After a loooong session with the knit-and-purl scarf, and a bout of frustration with the seed stitch version of the catnip mouse pattern (I’m sure this is my novice pattern-reading showing through), I have not picked up my knitting in about a week. I want to start something new, but the beginning of the felted tote on DPNs is too intimidating right now. I have asked my knitting mentor nicely for help (to the point where I could be stalking); I may have to simply be patient, or travel to the LYS, and plan on transporting the bag back home on DPNs. Scary! Dropped stitches everywhere!
I’m ready to start Amy’s Suki, but as I told Rob at Threadbear Fiber Arts via e-mail last week when explaining why I could not order the yarn yet, I don’t have room for a stash, and to pace myself, I prefer not to have more than two projects going at once – right now, it’s a mouse and the knit-and-purl scarf that seems it will never end.
So what did I do instead of knit? Read about knitting, and offer to knit things for people – a ribbed stocking cap in merino wool from Hip to Knit for my father-in-law, and the Bob top for my mother-in-law. I have got to be stopped.
But not quite yet. I read the instructions for a simple sock class and I think I’m ready to try it – the pattern uses short rows to shape the heel, and Knitty’s explanation makes short rows seem simple (thanks, Bonne Marie!). I’d love to knit some socks for the Socknitters Children in Common Challenge. Plus, Sock Fest 2004 is coming to Toledo next April, and I plan to be there.
See? More reading and yapping than knitting. Must change that. But before I go, two links you might find handy, particularly if you knitblog with MovableType. Do you get comments? Would you like your readers to be able to follow along with your comment discussions via e-mail? Try the subscribe to comments script from Scriptygoddess. Lots of knitting links crowding your sidebar? Use these tips and templates to make a knitting portal, right inside MovableType. If you have questions about these two, let me know – I’m happy to put down my needles long enough to help.
My finishing skills remain simply average, but Charlie doesn’t seem to care that my wonton is slightly lumpy. He liked it, and I was inspired to start Wendy’s cabled mouse pattern for the Great Charity Mouse-a-thon. I’ve actually started three mice as of today, and they were like the Three Bears’ bowls of porridge: the first one was too loose, the second one got off-pattern at the end, and the third one seems to be just right – I should finish it tonight. Cabling is easier than I thought, and seems to work like magic – I must be missing something!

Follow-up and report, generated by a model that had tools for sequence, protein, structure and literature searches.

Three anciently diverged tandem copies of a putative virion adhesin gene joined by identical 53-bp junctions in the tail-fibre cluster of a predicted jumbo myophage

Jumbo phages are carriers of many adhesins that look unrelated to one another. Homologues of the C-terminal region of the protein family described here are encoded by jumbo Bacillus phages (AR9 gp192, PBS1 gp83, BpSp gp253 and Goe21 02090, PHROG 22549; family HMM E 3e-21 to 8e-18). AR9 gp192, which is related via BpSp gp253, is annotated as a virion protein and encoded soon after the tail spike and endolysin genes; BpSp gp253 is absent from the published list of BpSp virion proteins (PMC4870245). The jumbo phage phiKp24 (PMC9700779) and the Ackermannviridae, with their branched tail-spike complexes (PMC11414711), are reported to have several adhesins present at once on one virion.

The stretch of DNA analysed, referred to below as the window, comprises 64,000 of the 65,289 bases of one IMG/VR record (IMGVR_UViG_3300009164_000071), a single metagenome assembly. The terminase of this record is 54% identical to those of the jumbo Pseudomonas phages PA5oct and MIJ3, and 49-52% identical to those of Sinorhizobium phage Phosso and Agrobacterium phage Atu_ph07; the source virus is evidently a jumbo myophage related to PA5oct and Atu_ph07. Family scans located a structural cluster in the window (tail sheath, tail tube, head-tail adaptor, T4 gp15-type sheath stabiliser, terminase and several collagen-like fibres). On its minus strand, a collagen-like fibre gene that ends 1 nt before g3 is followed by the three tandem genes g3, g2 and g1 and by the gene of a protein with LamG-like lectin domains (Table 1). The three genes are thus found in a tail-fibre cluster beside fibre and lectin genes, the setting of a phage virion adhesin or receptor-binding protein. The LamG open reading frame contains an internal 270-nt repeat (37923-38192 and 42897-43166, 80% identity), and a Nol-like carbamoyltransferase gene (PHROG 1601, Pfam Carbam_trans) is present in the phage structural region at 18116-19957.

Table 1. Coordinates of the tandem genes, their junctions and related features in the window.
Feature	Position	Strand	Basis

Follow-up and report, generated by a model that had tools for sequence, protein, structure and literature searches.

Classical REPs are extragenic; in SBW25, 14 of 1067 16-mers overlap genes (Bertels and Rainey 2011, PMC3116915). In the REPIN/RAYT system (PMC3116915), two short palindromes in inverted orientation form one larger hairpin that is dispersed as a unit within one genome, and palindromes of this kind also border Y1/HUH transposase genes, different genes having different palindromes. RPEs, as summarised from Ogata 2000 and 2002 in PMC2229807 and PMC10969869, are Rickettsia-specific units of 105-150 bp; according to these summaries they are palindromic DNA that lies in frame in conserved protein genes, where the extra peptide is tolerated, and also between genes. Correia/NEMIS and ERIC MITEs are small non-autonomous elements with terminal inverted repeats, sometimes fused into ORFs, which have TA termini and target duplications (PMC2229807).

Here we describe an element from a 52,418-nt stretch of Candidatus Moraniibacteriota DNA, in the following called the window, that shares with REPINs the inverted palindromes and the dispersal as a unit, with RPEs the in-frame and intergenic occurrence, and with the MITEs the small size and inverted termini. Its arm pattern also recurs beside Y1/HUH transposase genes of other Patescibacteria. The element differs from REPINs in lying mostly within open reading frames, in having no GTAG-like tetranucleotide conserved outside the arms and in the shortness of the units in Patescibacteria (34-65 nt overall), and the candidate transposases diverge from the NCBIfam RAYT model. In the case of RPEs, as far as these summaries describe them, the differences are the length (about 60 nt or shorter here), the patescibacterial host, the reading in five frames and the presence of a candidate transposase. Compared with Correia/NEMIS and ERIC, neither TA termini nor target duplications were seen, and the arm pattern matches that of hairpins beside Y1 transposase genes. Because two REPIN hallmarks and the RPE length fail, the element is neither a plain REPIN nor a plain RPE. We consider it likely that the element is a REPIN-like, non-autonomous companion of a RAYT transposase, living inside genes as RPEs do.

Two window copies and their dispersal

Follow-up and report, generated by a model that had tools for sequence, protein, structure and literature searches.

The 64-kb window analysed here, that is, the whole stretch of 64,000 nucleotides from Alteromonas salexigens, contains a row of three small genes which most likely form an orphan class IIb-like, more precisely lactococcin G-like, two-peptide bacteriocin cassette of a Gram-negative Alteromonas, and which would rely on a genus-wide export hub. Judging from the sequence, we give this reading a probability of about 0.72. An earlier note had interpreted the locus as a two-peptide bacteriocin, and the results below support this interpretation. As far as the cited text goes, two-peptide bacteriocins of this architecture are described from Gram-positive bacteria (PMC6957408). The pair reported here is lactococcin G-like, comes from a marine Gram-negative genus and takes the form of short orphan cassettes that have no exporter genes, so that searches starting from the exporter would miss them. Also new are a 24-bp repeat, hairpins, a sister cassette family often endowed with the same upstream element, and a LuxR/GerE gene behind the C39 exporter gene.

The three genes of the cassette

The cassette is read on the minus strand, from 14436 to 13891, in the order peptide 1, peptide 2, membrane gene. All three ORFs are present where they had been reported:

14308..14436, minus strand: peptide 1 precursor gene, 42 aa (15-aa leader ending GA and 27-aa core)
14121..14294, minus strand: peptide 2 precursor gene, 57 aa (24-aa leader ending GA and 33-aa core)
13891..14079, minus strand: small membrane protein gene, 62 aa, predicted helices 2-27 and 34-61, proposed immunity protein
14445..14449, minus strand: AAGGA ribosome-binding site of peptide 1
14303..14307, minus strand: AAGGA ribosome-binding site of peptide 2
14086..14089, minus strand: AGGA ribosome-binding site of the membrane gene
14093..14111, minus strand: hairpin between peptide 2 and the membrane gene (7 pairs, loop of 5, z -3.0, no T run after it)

I’m also halfway through the knit-and-purl scarf, and looking forward to getting started on the felted tote – with more mice sprinkled in for good measure.
I went to the LYS intending to get the materials to start the Suki bag; they didn’t really have the colors Amy and I and I picked out at ThreadBear Fiber Arts, so I made a mental note to order there instead. I did, however, come away with yarn for the cute felted tote I had seen earlier (Cascade 220 and a skein of Noro Kureyon for some stripes – ooh!). Starting the bag has proved more difficult than I thought, between tangling the yarn as I was trying to wind it into a ball (excellent ball-winding directions here) and trying to master Emily Ocker’s circular cast-on (not as hard as it looks) and wrangle size 11 DPNs (pretty darn hard).
The advice from the knitlist was very helpful; I got confirmation that it was okay to try working with four DPNs instead of five, and an alternative method of starting using a waste-yarn crochet cast on thanks to Eileen from Oregon – her help made my day. Best of all, I ran into the woman who taught me how to knit so long ago in the local bookstore yesterday. When I mentioned the totebag, she said “buy me a cup of coffee, and I’d be happy to help you get it started.”
I also got a chance to make my own fancy beaded stitch markers, so I’m ready as ready can be to knit that tote bag in the round. The people at the bead store were amazed that I was able to restrain myself to such a small purchase – I explained I was just crossing over from another craft.
Finally, from the serendipity files, I got an e-mail from a knitlist member with a copy of Aran Knitting for sale at a reasonable price, just like I’d asked for. If Virtual Yarns does reprint the book (as noted in the comments for the last entry), it will be interesting to see if they make revisions to the patterns as they have on the website (offering more sizes, etc.). For now, I’m just amazed that my request to the world at large worked.